Similar to the organic layer structures in the OLEDs, cathode also plays an important role in the overall performance of OLEDs. A cathode in the OLED is expected to have not only good electron-injecting ability, but also good corrosion resistance. As is known, the commonly used Mg:Ag cathode (Tang and VanSlyke, U.S. Pat. No. 4,885,211) and LiF/Al cathode (Hung and Tang, U.S. Pat. No. 5,776,622) have good electron-injecting ability, but they are subject to corrosion under ambient conditions. Moisture is detrimental to the cathode of OLEDs. Although encapsulation is applied to OLEDs for moisture prevention, it is difficult to fully get rid of moisture after encapsulation, and cathode corrosion at the edge and on the top of each light-emitting pixels still exists, which forms dark edge and dark spots to reduce effective emitting area. Especially for the OLEDs on flexible polymer substrate, moisture elimination is even more difficult to deal with. Therefore, cathode with better corrosion resistance is necessary for stability improvement of OLEDs.

Some metal alloys are used as cathode in OLEDs for the purpose of improving adhesion property or improving electron injection ability, such as the aforementioned Mg:Ag, Al:Mg (VanSlyke and Tang, U.S. Pat. No. 5,059,862), Al:Li (Hung, et al. U.S. Pat. No. 6,140,763), and Al:Li:Cu:Mg:Zr (Nakaya et al. U.S. Pat. No. 6,172,458). Those metal alloys contain at least one kind of low work function metal (by low means the value of work function is less than 4.0 eV) and are still subject to corrosion under ambient conditions.

SUMMARY OF THE INVENTION

It is an object of the present invention to provide an OLED with a high work function metal alloy cathode having enhanced corrosion resistance.

It is another object of the present invention to provide an OLED with low dark edge growth rate.

It is another object of the present invention to improve the operational stability of OLEDs.

These objects are achieved in an organic electroluminescent device comprising, in sequence:

a) an anode;

b) an electroluminescent medium; and

c) a metal alloy cathode comprising at least two metals, wherein all the metals of the alloy have their work function higher than 4.0 eV.

ADVANTAGES

An advantage of the present invention is that a high work function metal alloy cathode can be made useful in OLEDs to enhance the corrosion resistance and to reduce the dark edge growth rate of the emitting area in the OLEDs.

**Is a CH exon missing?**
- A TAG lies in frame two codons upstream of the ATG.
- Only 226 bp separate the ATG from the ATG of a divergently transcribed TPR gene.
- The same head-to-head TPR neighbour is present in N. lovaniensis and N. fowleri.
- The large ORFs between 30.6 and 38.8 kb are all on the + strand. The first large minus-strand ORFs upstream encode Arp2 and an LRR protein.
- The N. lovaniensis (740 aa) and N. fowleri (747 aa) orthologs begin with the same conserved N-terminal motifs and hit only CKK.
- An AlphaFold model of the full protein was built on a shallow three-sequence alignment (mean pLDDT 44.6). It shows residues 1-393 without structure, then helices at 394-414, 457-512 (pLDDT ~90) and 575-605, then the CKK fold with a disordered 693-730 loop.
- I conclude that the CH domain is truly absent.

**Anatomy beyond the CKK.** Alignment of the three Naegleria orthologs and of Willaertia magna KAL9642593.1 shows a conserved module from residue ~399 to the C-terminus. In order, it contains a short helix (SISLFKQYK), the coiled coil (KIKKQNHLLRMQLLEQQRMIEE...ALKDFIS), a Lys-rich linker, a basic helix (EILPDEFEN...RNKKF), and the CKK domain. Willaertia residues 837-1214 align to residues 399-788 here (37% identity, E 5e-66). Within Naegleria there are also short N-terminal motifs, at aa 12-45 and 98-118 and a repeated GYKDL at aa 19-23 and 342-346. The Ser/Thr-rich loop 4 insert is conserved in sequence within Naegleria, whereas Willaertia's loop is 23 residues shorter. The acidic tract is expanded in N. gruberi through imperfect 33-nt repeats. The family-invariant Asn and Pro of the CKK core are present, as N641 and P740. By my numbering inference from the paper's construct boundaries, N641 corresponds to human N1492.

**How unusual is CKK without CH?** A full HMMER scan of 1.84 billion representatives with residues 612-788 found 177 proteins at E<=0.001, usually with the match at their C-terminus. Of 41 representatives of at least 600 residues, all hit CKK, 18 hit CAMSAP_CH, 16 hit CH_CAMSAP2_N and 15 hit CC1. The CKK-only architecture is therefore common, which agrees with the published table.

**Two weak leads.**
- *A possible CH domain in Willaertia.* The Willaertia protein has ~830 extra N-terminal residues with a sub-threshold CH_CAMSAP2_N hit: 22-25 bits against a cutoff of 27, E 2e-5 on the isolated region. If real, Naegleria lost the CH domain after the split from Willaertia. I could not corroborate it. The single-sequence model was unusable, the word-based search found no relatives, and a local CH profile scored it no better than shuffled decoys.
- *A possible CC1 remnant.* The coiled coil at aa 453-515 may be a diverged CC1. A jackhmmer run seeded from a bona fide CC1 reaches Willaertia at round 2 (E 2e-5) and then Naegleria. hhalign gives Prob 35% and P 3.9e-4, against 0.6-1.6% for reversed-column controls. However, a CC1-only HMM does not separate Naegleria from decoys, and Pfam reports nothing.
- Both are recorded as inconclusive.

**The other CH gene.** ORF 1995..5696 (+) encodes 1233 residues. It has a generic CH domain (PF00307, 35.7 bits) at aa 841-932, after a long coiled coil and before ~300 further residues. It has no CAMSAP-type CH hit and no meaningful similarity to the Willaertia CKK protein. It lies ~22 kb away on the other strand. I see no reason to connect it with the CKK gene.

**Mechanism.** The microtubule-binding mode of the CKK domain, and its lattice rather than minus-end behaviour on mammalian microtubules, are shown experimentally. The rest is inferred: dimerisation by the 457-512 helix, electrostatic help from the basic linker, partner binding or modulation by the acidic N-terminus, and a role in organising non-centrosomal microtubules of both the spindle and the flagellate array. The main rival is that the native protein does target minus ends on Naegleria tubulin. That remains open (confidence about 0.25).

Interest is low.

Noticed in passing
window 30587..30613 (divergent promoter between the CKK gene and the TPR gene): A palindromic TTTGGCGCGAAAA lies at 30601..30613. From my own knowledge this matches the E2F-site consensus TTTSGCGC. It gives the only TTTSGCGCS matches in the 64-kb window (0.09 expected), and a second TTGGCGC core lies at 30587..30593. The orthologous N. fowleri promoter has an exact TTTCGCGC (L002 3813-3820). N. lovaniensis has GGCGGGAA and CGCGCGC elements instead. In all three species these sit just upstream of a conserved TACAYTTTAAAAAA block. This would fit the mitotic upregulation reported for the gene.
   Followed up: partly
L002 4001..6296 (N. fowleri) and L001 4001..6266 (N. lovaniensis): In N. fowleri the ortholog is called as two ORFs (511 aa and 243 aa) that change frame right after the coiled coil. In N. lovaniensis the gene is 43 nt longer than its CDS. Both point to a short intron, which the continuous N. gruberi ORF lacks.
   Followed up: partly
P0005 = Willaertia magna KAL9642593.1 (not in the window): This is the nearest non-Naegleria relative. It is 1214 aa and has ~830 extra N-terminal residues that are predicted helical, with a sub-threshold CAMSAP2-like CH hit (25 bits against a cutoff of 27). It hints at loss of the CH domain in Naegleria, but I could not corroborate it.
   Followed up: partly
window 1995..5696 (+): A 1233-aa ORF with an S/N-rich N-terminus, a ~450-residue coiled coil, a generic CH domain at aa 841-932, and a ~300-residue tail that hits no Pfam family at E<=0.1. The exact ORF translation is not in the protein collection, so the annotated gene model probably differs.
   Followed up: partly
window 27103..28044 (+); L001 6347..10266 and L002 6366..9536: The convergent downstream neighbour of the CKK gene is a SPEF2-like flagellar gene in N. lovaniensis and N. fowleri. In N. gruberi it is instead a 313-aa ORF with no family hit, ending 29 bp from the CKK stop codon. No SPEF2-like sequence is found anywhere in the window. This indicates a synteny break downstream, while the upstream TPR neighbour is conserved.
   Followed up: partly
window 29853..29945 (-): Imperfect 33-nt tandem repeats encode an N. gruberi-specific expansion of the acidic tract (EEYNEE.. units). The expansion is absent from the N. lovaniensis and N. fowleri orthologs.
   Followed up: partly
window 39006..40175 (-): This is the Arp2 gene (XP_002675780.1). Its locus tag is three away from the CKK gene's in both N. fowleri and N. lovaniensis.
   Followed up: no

Another advantage of the present invention is that the operational stability of the OLEDs can also be improved by using a high work function metal alloy cathode adjacent to an electron-injecting layer in the OLEDs.

BRIEF DESCRIPTION OF THE DRAWINGS

FIG. 1 is a schematic cross sectional view of an OLED in accordance with the present invention having a high work function metal alloy cathode adjacent to an EIL;

FIG. 2 compares the operational stability between an OLED with Al cathode and the OLEDs having thermally evaporated Al:Ni cathode;

FIG. 3 compares the dark edge growth between an OLED with Al cathode and the OLEDs having thermally evaporated Al:Ni cathode; and

FIG. 4 compares the dark edge growth between an OLED with Al cathode and the OLEDs having sputter deposited Al:Ni cathode.

It will be understood that FIG. 1 is not to scale since the individual layers are too thin and the thickness differences of various elements are too great to permit depiction to scale.

DETAILED DESCRIPTION OF THE INVENTION

FIG. 1 shows an organic electroluminescent device (OLED) 100 in accordance with the present invention. OLED 100 comprises a substrate 101, an anode layer 103, an optional hole-injecting layer (HIL) 105, a hole-transporting layer (HTL) 107, a light-emitting layer (LEL) 109, an electron-transporting layer (ETL) 111, an electron-injecting layer (EIL) 113, and a high work function metal alloy cathode 115. While FIG. 1 serves as an example, there are numerous OLEDs known in the art with alternative layer structures. The present invention is applicable to any OLED containing an organic EL medium and a cathode.

OLED 100 is operated by applying an electric potential, generated by voltage/current source 160, between anode 103 and the cathode 115, such that anode 103 is at a more positive potential with respect to the cathode 115. Electrical conductors 150 connect anode 103 and cathode 115 to voltage/current source 160. By applying an electric potential, holes (positively charged carriers) are injected from anode 103 through HIL 105 into HTL 107. Simultaneously, electrons (negatively charged carriers) are injected from cathode 115 through EIL 113 into ETL 111. The holes and electrons recombine in LEL 109. This hole-electron recombination results in light emission from LEL 109.